The central bank attracted intense scrutiny during the economic crisis when it lent trillions of dollars to various institutions, including foreign banks, in an unprecedented transfer of wealth. And as concern intensified, several media organizations including Fox and Bloomberg sought disclosure of the bailout records using Freedom of Information Act requests.
But the Federal Reserve and a coalition of some of the biggest banks in the world fought back against disclosure for years. So after refusing to release the records, Bloomberg took the Fed to court.
The central bank argued, among other points, that the New York Fed is a private corporation with private shareholders, not a government agency subject to FOIA rules. The defendants also claimed that releasing the information would hurt the reputations of bailed-out institutions.
The Fed lost its initial case in court. It appealed and lost yet again. Finally, the central bank received a stay on the order until the case could be taken to the Supreme Court. But on March 21, the high court denied the appeal without comment, meaning the federal appeals court decision stands.
“The Federal Reserve forgot that it is the central bank for the people of the United States and not a private academy where decisions of great importance may be withheld from public scrutiny,” said Bloomberg News editor-in-chief Matthew Winkler in a statement. Meanwhile, the coalition of big banks seeking to prevent disclosure said it was “disappointed.”
Among the facts which must now be disclosed are names of bailed out institutions that took money from the Fed‘s discount window, details of the loans and more. But the prospect of having to release the information to the public has apologists of the central bank crying foul.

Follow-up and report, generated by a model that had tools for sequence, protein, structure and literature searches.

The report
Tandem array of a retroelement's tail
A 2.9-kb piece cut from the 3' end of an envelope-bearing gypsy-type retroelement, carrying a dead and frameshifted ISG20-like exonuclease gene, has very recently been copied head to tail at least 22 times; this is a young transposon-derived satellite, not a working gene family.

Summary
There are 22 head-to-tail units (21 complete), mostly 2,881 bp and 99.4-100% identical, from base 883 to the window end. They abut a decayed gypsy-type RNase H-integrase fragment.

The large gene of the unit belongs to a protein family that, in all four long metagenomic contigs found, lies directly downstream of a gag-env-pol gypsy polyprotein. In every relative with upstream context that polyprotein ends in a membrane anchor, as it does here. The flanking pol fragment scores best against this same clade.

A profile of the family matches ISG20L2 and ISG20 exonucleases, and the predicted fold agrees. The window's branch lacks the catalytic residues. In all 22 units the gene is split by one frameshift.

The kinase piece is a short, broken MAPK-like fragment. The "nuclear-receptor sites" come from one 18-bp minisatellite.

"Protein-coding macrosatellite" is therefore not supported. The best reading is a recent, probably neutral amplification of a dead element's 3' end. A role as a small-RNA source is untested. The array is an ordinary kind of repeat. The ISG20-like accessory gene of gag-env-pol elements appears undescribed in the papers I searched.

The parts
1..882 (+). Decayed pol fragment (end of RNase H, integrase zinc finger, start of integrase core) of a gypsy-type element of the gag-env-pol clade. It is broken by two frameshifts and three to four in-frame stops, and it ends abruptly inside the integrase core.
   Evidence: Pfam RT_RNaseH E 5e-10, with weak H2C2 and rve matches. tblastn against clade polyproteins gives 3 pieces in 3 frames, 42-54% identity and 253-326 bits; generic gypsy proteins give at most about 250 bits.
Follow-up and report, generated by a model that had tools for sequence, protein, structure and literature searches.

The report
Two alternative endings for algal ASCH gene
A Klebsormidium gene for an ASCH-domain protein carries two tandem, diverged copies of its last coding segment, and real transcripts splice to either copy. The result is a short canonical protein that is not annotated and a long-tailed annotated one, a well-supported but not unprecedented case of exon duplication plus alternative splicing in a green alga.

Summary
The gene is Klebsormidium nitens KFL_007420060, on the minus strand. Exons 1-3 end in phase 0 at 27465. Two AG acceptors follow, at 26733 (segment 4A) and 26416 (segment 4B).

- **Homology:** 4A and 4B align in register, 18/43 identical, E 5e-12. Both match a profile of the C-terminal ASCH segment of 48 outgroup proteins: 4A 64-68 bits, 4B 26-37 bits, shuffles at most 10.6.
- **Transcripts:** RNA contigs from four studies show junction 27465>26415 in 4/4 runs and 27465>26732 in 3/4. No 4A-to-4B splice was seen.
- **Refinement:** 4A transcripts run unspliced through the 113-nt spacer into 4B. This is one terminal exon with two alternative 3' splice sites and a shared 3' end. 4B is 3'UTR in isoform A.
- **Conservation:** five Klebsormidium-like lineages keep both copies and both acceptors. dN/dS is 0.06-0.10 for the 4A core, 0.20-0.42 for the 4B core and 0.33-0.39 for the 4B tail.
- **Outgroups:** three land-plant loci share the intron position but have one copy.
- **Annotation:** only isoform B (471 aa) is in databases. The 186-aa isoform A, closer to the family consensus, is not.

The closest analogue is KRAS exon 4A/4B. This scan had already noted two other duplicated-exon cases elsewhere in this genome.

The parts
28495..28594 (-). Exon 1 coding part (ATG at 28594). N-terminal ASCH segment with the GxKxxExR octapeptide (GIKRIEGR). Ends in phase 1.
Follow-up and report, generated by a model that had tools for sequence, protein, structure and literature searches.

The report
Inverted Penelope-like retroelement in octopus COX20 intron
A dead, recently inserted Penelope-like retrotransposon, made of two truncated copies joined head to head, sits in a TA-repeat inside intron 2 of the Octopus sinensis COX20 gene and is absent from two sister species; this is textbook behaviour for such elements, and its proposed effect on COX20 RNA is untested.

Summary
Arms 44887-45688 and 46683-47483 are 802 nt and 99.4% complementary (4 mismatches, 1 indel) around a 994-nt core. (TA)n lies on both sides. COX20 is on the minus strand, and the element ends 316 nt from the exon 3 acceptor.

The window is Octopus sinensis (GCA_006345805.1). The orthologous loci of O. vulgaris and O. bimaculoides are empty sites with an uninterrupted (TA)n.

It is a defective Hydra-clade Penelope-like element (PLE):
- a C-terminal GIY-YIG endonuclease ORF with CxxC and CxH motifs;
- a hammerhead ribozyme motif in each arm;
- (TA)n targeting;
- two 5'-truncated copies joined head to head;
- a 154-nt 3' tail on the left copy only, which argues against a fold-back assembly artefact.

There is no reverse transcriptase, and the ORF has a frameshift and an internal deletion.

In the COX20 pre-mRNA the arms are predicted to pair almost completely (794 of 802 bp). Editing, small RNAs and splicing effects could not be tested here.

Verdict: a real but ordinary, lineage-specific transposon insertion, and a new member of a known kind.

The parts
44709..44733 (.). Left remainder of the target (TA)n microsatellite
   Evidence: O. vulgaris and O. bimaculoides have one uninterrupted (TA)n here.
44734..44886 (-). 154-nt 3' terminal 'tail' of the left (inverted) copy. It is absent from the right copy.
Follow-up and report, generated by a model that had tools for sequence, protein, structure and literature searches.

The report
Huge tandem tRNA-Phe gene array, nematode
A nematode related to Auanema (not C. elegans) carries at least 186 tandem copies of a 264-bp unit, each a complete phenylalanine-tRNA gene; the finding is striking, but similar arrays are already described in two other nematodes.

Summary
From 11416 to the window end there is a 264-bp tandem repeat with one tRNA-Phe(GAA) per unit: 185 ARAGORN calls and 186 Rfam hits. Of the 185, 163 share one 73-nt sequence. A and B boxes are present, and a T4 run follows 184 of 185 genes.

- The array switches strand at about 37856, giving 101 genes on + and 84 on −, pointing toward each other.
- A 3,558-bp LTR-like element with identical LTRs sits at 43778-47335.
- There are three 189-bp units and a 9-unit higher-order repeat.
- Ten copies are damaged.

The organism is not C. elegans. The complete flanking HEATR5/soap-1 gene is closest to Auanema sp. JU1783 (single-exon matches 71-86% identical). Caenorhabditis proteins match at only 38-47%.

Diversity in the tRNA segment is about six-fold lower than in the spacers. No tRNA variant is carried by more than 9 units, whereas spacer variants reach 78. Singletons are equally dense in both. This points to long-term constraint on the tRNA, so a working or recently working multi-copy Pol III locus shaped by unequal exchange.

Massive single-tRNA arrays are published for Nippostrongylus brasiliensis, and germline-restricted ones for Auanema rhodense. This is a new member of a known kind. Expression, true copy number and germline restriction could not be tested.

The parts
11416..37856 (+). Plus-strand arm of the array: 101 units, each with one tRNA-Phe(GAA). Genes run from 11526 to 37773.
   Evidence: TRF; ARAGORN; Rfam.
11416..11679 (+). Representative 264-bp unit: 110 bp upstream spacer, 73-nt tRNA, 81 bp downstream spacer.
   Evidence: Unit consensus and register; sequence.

“The presumption is that the borrowers were to be kept private,” complained former St. Louis Fed boss William Poole. “Other loans are another matter but banks that borrow at the discount window are often presumed to be in financial trouble. That might create a run on those banks and will make banks in the future reluctant to borrow.”
The central bank has, however, reluctantly agreed to disclose the details. “The board will fully comply with the court’s decisions and is preparing to make the information available,” said a Fed spokesman cited in various news reports.
But while central bankers and their allies fumed, many analysts, Fed critics and lawmakers applauded the Supreme Court’s decision. “People wanted to know more about what the Fed was doing… It’s been a significant change and the American people won’t ever be complacent about this,” said Rep. Ron Paul (R-Texas), the chairman of the House sub-committee that deals with the Fed and monetary policy. “The Bloomberg lawsuit had a lot to do with the cultural change … Bloomberg has credibility that politicians don’t have.”
Rep. Paul, a Republican who hopes to eventually abolish the central bank and its fiat-currency system, led the charge last year to pass legislation mandating a full audit of the Fed. Most of the House of Representatives co-sponsored the measure, too.
Eventually, a significantly diluted version of the audit became law and forced the central bank to disclose some information related to more than $10 trillion the Fed provided to financial institutions. But that legislation did not cover the information set to be disclosed under the lawsuit, though discount-window details will be available in the future under the legislation after a two-year lag.
Despite having watered down the Senate “Audit the Fed” legislation approved by the House of Representatives last year, U.S. Senator Bernie Sanders of Vermont is still critical of the central bank’s policies. And he, too, celebrated the high court’s decision.
Fed boss Ben Bernanke “now must finally understand that this money doesn’t belong to the Federal Reserve, it belongs to the American people and the American people have a right to know how their taxpayer dollars are being put at risk,” Sen. Sanders told BusinessWeek. Several experts cited by the magazine supported the decision, too.